RV5 Safe, Immunogenic for HIV-Exposed Infants and Infants with HIV

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The double-blind, phase 2 IMPAACT P1072 study included 76 infants who tested positive for HIV and 126 infants who had been exposed to HIV but were not infected.
The double-blind, phase 2 IMPAACT P1072 study included 76 infants who tested positive for HIV and 126 infants who had been exposed to HIV but were not infected.

Pentavalent rotavirus vaccine was found safe to use on a population of HIV-positive and HIV-exposed infants in Africa, according to research presented at IDWeek 2015.

Myron Levin, MD, FIDSA, from the University of Colorado Denver, Aurora, CO, presented research from a double-blind study that assessed the safety and immunogenicity of RV5 on infants with exposure to HIV.

The double-blind, phase 2 IMPAACT P1072 study included 76 infants who tested positive for HIV and 126 infants who had been exposed to HIV but were not infected.  Thirty-seven infants received three doses of live, attenuated, pentavalent rotavirus vaccine (RV5) and 39 infants recieved placebo vaccine at five sites in Africa.  Seventy-five percent of the infants received the oral polio vaccine, 63% were breastfed, and 92% of those who were HIV positive were on antiretroviral therapy (ART).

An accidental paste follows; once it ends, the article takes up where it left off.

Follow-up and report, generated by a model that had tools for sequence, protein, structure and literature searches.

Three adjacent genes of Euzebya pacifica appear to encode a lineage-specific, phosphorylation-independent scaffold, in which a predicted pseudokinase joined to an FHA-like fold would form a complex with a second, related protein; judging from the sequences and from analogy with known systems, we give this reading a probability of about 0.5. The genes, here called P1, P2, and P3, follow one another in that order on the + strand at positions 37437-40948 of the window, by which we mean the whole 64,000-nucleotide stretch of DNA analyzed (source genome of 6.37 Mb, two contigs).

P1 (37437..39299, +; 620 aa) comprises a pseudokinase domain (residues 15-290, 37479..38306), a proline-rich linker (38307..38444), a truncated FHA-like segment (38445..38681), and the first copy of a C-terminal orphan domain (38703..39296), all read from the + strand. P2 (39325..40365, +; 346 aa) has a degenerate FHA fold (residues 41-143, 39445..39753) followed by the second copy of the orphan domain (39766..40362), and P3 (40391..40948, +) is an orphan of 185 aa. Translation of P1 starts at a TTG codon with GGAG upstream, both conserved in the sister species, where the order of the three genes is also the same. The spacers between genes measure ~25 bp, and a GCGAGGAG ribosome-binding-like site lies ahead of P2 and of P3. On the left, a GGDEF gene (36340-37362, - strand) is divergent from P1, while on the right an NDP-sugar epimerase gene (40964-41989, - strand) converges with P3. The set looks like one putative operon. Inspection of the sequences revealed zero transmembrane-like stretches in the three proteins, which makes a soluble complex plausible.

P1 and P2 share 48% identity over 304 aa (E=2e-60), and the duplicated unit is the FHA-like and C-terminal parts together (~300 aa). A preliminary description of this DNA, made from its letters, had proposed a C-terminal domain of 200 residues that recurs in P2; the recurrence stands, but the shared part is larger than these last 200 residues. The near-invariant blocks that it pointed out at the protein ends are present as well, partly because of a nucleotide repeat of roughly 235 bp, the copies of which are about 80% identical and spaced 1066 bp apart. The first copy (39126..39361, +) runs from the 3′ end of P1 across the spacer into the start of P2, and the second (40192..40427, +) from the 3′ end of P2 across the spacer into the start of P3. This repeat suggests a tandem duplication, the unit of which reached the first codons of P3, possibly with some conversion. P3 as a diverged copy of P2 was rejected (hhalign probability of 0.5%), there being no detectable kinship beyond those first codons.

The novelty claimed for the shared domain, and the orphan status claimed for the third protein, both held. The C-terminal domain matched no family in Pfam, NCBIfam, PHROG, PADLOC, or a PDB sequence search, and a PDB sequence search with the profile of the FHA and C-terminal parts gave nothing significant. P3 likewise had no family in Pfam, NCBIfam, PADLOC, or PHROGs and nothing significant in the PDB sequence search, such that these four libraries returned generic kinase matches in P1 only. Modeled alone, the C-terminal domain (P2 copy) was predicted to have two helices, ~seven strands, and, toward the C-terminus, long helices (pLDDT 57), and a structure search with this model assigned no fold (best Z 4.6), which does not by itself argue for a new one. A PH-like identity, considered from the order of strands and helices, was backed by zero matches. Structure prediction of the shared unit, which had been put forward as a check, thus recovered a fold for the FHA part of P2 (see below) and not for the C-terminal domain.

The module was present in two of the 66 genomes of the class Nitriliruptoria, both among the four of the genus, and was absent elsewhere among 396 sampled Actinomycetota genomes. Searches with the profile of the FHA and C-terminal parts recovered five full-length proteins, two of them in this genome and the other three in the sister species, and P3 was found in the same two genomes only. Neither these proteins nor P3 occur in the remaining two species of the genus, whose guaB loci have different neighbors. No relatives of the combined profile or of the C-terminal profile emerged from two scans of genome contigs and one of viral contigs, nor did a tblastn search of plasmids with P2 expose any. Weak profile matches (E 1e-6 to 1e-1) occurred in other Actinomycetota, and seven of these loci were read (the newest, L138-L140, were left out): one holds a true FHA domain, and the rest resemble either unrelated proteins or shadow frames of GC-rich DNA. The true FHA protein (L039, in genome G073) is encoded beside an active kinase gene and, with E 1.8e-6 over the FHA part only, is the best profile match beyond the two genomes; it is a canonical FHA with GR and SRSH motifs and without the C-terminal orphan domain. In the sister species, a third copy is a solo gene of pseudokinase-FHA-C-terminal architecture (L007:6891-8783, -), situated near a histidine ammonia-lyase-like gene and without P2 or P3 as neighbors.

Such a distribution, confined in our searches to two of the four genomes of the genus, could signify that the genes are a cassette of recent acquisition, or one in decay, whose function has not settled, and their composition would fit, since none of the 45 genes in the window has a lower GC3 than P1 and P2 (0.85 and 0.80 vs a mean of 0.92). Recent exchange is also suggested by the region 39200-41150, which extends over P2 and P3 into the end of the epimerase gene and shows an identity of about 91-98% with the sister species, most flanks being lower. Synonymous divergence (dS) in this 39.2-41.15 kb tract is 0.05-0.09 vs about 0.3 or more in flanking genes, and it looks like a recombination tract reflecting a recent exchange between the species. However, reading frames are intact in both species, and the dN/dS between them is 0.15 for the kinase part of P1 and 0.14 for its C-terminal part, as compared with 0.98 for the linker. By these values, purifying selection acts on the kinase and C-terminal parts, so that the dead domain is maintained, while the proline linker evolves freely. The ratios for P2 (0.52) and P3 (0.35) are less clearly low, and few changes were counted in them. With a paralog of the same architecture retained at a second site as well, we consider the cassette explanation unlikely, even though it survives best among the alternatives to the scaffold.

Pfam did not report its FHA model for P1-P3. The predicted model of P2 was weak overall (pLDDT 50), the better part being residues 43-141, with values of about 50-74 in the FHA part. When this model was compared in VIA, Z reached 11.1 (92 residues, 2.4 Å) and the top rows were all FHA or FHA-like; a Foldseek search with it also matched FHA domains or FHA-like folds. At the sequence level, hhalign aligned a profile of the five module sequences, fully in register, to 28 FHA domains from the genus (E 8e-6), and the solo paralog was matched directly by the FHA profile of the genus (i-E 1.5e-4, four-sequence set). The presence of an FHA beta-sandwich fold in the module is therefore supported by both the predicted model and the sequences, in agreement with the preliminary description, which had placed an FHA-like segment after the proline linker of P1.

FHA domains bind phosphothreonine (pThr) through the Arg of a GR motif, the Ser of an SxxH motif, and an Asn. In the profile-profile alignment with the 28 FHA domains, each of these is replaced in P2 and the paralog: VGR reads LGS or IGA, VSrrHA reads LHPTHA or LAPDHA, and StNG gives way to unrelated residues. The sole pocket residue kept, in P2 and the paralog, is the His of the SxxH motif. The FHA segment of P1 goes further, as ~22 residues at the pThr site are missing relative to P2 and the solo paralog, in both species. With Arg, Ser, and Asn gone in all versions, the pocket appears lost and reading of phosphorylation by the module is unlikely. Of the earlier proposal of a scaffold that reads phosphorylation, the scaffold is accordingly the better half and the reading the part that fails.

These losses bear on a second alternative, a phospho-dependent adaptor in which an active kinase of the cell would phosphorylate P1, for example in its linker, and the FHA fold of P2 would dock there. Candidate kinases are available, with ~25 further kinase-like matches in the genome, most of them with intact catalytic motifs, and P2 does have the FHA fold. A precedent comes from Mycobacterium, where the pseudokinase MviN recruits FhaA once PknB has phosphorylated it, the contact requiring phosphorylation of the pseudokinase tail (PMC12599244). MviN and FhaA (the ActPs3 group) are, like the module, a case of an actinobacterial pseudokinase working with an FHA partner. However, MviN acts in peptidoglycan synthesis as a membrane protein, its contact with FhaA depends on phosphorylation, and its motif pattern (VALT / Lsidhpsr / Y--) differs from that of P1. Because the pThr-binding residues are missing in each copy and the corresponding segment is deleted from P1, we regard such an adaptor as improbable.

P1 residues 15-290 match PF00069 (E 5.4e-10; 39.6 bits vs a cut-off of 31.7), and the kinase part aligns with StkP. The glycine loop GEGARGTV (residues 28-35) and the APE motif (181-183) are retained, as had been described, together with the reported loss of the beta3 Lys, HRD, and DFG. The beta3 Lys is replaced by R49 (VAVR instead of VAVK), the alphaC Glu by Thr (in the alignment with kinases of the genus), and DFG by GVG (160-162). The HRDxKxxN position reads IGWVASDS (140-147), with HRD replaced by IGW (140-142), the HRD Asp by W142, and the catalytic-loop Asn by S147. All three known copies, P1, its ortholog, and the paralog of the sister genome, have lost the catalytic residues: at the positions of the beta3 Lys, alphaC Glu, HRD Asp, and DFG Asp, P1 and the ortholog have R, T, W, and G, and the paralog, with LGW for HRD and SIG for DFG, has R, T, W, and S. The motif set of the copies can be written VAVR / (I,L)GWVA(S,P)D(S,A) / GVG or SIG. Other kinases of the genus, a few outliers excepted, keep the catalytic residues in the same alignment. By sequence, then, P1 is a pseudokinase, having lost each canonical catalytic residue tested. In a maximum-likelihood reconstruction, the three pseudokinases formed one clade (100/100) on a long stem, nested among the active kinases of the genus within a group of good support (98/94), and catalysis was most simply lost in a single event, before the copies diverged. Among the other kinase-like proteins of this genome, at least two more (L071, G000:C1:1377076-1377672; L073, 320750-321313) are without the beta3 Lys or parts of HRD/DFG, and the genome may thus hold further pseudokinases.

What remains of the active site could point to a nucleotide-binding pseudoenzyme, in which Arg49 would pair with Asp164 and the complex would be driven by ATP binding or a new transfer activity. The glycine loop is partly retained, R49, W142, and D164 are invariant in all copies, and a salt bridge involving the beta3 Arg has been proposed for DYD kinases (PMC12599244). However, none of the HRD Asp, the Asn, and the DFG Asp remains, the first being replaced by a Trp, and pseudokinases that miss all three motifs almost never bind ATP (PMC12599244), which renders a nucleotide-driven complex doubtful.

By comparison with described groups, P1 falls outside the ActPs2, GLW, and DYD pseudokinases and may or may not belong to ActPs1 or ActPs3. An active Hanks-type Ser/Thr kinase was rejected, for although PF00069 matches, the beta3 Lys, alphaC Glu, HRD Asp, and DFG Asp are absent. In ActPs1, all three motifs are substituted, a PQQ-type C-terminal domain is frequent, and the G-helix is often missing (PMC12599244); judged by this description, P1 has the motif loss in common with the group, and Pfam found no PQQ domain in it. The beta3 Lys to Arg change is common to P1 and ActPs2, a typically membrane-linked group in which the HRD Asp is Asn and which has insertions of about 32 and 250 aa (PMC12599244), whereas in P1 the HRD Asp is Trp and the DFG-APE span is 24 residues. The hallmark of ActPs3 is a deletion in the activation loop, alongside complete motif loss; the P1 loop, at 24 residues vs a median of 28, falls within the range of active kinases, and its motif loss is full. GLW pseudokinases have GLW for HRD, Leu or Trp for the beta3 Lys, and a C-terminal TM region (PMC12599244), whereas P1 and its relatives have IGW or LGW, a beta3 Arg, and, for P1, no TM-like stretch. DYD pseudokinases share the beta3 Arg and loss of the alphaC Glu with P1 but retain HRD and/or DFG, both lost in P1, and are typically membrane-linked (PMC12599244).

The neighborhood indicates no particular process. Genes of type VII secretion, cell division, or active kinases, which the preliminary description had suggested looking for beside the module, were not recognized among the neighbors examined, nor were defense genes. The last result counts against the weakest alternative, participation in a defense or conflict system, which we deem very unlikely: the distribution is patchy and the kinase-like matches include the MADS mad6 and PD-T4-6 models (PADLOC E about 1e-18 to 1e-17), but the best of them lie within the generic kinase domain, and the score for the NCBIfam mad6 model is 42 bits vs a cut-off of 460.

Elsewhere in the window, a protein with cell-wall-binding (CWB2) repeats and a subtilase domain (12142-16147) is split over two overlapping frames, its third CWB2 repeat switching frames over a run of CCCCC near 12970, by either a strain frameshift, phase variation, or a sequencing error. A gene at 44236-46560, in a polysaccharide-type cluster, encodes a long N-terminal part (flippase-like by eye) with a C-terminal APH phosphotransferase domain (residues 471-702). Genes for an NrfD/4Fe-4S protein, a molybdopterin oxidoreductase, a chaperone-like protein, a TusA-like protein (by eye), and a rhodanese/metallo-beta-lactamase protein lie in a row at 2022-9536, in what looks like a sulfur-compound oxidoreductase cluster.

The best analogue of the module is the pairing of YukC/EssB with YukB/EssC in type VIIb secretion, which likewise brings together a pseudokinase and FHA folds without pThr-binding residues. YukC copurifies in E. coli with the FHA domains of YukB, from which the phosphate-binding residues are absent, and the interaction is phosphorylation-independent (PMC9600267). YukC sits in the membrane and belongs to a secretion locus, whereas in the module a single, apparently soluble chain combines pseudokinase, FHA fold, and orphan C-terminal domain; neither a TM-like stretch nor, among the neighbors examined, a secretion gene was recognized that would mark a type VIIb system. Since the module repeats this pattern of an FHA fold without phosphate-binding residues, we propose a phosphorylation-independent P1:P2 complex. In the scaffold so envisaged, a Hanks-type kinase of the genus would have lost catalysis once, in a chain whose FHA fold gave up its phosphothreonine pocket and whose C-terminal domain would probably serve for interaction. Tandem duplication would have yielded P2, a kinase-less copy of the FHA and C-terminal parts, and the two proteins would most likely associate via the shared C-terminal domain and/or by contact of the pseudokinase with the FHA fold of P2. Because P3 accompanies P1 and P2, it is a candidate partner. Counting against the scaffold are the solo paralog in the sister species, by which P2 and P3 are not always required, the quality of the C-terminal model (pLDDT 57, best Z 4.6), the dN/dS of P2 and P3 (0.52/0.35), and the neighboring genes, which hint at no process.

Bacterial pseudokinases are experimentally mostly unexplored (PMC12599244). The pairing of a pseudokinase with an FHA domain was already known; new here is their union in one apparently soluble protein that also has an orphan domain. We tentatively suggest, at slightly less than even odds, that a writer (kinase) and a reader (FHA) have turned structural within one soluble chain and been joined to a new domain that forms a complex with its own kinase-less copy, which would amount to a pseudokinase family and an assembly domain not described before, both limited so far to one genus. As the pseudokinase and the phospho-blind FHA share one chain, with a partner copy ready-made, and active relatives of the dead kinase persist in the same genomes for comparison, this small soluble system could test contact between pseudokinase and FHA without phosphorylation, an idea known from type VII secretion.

Patients taking RV5 were three times more likely to have an increase in serum neutralizing antibodies, G1, G3, G4, and IgA than placebo recipients. The stool samples tested positive for the vaccine strain virus in seven infants, and one sample tested positive for HIV by the fluorescent focus assay.

Overall, the data showed that there were significantly higher immune responses to RV5 when compared to the placebo, regardless of HIV infection or exposure, Dr Levin and colleagues concluded.

Reference

1. Levin M.  Safety and Immunogenicity of Pentavalent Rotavirus Vaccine in HIV-Infected and HIV-Exposed Infants in Africa (IMPAACT P1072).  Presented at: IDWeek 2015. Oct. 7-11, 2015, San Diego.

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